Big Bend National Park

Overview

Introduction

This giant park (801,163 acres/324,219 hectares) is in a remote corner of West Texas 370 mi/595 km west of San Antonio, but it's worth the effort to get there. In the southwestern part of the state, where the Rio Grande makes its "big bend" (essentially a giant U-turn), the park includes three separate ecosystems—river, mountain and desert. Desert terrain—the Chihuahuan Desert—dominates, making the park a fascinating place to visit during late fall, winter and early spring. (The summer months can be hot.)


Most visitors begin their tour of the park in the Chisos Mountains, which tower over the surrounding desert, topping out with Emory Peak at 7,825 ft/2,385 m. Cooler and greener than the surrounding desert, the Chisos offer excellent backcountry hiking and camping in forests of pines and oaks. After visiting the mountains, visitors can head for the Rio Grande, an oasis of water amid the desert. (Visitors should not drink the water, as it is far from potable). Two canyons highlight this portion of the park: Boquillas Canyon to the east and Santa Elena to the west. Rafting and float trips have become popular on both stretches of the Rio Grande—the river includes Class I to Class IV rapids, tamer when the water is low. Extended float trips on the Rio Grande can be arranged through outfitters in three towns west of the park: Lajitas, Terlingua and Study Butte. Short hiking trails near both canyons let visitors get a glimpse on foot of the sheer rock walls.


Easy walking trails wind through the desert, and more strenuous hiking routes are also available. Cactus and lechuguilla (a plant with daggerlike leaves) are among the plant life. The oasis at Dugout Wells is a particularly good place to observe desert wildlife.


The desert, mountain and river areas of the park are laced together by paved and unpaved scenic roads. (The Ross Maxwell Scenic Drive, which winds down to Santa Elena Canyon, is recommended.) Other activities within the park include bathing in historic hot springs, trail riding on horseback (visitors must take their own horse), fishing, swimming, camping and wildlife viewing. Animals in the park include mountain lions and bears (seldom seen), bobcats, deer, javelina, roadrunners, foxes, snakes (including rattlesnakes), tarantulas and an incredible variety of birds—it's the only place in the U.S. to see the rare Colima warbler.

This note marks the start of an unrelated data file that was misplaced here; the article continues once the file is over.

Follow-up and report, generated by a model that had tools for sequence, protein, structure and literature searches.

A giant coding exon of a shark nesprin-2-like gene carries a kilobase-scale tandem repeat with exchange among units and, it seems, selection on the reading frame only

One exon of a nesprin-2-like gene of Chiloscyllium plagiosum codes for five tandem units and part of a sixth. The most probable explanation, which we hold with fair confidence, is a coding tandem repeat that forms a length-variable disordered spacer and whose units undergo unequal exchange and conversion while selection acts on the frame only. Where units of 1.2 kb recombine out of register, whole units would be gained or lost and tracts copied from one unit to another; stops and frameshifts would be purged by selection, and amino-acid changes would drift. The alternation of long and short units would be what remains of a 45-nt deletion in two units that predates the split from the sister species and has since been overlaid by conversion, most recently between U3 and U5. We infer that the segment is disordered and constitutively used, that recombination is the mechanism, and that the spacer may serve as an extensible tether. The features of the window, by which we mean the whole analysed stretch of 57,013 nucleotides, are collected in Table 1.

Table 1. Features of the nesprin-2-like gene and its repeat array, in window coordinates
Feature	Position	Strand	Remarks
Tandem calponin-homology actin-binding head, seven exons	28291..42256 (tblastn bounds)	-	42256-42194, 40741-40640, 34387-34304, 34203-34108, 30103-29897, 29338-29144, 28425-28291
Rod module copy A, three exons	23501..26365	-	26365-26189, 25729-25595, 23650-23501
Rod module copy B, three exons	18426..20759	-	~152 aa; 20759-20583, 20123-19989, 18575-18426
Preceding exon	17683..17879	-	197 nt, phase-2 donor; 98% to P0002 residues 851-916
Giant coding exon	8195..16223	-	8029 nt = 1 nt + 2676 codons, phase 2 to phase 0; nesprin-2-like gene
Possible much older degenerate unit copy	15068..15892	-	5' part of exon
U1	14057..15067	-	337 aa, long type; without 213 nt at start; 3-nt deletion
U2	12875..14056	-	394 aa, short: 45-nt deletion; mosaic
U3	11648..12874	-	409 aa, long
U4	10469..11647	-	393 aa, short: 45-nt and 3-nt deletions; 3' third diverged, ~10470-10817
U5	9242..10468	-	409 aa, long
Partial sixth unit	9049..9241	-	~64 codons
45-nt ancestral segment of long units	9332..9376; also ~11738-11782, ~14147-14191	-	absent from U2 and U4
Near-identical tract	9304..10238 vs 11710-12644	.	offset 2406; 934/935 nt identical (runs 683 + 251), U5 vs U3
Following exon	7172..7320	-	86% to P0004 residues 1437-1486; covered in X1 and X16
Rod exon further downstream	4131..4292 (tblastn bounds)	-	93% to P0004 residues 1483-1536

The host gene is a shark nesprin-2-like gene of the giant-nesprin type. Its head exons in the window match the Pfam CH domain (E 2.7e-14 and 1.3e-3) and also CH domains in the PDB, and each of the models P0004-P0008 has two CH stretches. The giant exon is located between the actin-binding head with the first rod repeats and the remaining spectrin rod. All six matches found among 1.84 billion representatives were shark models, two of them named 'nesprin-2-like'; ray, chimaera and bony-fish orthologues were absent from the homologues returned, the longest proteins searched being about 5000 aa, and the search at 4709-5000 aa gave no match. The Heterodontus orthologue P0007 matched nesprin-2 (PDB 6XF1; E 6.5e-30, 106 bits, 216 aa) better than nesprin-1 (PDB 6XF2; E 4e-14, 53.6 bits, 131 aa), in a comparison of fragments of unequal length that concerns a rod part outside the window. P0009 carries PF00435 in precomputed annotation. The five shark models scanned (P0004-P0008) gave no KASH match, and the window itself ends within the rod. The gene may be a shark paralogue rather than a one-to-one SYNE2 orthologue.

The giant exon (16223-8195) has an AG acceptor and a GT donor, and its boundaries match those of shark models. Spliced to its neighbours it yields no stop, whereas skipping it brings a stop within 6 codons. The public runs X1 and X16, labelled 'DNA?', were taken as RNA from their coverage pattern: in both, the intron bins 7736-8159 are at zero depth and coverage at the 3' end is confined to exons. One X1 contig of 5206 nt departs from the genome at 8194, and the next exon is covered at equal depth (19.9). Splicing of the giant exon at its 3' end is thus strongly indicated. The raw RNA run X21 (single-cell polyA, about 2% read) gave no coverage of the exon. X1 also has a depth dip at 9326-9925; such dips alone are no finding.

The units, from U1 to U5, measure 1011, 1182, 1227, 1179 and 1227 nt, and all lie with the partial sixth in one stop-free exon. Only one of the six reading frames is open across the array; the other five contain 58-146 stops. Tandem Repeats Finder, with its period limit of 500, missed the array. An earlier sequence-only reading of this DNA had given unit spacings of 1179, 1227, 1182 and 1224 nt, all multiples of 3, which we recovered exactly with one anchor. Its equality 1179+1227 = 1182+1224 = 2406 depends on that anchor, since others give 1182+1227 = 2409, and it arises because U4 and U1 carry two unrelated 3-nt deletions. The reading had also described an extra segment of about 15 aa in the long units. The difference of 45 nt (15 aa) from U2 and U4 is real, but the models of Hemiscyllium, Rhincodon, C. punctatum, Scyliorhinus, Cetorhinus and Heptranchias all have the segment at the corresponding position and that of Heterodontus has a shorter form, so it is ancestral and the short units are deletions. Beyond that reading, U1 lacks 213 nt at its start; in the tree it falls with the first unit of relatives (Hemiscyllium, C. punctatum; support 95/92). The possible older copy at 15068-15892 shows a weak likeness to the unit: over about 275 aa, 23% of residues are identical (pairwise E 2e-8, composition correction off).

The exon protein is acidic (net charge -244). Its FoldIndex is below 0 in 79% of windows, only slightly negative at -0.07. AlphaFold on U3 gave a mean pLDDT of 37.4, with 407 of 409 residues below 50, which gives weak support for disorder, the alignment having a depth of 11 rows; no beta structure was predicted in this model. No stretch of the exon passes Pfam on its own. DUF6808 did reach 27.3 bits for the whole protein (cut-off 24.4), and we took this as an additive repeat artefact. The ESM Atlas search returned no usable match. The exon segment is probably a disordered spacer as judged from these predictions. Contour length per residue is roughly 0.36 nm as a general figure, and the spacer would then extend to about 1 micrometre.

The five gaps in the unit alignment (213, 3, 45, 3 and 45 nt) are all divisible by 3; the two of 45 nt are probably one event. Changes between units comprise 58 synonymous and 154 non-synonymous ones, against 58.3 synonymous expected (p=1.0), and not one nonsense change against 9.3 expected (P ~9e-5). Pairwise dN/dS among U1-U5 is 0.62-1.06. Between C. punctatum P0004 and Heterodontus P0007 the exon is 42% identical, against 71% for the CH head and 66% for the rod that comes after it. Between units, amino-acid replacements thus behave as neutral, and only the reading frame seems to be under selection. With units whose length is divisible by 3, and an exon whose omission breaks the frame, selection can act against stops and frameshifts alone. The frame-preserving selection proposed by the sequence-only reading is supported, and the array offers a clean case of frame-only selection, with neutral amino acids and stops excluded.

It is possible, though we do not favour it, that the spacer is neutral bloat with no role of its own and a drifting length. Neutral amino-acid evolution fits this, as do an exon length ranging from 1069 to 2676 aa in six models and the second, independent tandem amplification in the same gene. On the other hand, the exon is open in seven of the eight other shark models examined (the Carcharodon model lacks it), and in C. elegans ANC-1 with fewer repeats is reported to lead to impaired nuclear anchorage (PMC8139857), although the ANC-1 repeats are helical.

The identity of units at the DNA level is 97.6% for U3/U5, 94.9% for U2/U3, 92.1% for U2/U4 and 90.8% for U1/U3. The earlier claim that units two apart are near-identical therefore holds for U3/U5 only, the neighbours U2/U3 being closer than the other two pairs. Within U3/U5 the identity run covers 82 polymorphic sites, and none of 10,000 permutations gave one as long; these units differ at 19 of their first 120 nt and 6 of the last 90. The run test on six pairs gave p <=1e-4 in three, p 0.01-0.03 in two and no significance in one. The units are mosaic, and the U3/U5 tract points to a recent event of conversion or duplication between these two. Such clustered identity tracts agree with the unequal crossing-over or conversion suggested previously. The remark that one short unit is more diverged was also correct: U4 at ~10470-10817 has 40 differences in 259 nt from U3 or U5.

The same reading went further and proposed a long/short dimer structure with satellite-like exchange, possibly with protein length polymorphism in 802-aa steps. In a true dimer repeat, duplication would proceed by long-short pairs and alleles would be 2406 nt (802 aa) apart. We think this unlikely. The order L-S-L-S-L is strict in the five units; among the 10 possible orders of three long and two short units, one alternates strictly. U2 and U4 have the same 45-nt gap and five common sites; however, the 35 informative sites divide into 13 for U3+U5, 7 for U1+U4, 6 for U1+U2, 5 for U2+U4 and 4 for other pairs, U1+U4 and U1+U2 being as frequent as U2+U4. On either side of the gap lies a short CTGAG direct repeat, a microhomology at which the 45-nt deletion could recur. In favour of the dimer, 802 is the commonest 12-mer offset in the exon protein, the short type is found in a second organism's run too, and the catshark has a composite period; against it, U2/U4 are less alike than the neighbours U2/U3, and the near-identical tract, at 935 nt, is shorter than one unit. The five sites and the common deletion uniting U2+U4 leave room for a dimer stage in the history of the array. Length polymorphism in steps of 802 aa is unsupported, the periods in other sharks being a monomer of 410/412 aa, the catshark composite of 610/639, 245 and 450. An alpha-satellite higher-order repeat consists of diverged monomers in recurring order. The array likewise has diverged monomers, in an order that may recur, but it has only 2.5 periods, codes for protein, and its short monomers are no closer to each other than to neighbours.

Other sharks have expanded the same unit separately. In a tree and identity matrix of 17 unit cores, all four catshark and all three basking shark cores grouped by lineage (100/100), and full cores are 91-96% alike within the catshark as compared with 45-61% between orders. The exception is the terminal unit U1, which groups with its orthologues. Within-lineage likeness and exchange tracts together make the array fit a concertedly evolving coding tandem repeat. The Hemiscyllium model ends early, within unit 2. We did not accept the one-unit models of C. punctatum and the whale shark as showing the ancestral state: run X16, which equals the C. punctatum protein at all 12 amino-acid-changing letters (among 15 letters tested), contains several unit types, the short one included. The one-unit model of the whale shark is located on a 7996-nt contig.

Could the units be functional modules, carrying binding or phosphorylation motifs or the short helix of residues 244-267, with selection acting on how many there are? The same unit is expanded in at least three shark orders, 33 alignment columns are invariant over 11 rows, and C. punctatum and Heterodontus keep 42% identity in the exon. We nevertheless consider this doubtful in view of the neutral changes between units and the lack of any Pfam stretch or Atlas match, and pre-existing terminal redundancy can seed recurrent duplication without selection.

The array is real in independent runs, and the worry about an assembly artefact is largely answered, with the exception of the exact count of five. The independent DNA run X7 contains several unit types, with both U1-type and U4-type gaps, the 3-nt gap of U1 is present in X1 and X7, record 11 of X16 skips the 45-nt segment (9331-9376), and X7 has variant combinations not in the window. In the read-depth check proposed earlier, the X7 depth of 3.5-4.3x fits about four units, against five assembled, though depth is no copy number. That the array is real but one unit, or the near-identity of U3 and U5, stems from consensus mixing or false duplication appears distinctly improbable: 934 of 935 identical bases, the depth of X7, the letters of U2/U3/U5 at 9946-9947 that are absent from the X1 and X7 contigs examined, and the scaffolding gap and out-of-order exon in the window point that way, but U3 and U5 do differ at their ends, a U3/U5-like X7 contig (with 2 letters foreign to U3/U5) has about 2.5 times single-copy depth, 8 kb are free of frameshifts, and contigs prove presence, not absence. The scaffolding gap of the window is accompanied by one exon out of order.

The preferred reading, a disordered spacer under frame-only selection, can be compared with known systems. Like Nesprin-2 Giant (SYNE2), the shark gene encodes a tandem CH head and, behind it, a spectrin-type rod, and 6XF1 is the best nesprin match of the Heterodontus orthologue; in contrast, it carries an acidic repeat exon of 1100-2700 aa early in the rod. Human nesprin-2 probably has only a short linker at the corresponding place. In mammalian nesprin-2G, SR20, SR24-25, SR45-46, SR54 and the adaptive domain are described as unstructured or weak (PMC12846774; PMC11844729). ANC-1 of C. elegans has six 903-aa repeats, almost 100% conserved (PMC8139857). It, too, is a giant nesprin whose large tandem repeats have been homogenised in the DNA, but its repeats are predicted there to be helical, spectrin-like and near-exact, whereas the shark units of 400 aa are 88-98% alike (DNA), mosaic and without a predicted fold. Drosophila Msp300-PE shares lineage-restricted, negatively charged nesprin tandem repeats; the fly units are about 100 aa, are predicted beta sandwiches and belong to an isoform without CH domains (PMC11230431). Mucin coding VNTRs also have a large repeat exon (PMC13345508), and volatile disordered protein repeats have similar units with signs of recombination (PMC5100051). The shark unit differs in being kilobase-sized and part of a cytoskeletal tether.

Many of the park's services are centered in the Chisos Mountains Basin. In addition to containing the only lodge in the park, it has a restaurant, grocery, visitor center, campground and gift shop. Several hiking trails begin in the basin. Other centers of activity are Rio Grande Village (a campground, visitor center, grocery and gas station) and Castolon (a campground and grocery). There is another gas station at Panther Junction. Camping and lodging facilities within the park are often filled, so reservations should be made in advance.


The park is open daily 24 hours, and the entrance fee is US$25 per vehicle for a seven-day pass. Phone 432-477-2251. http://www.nps.gov/bibe.

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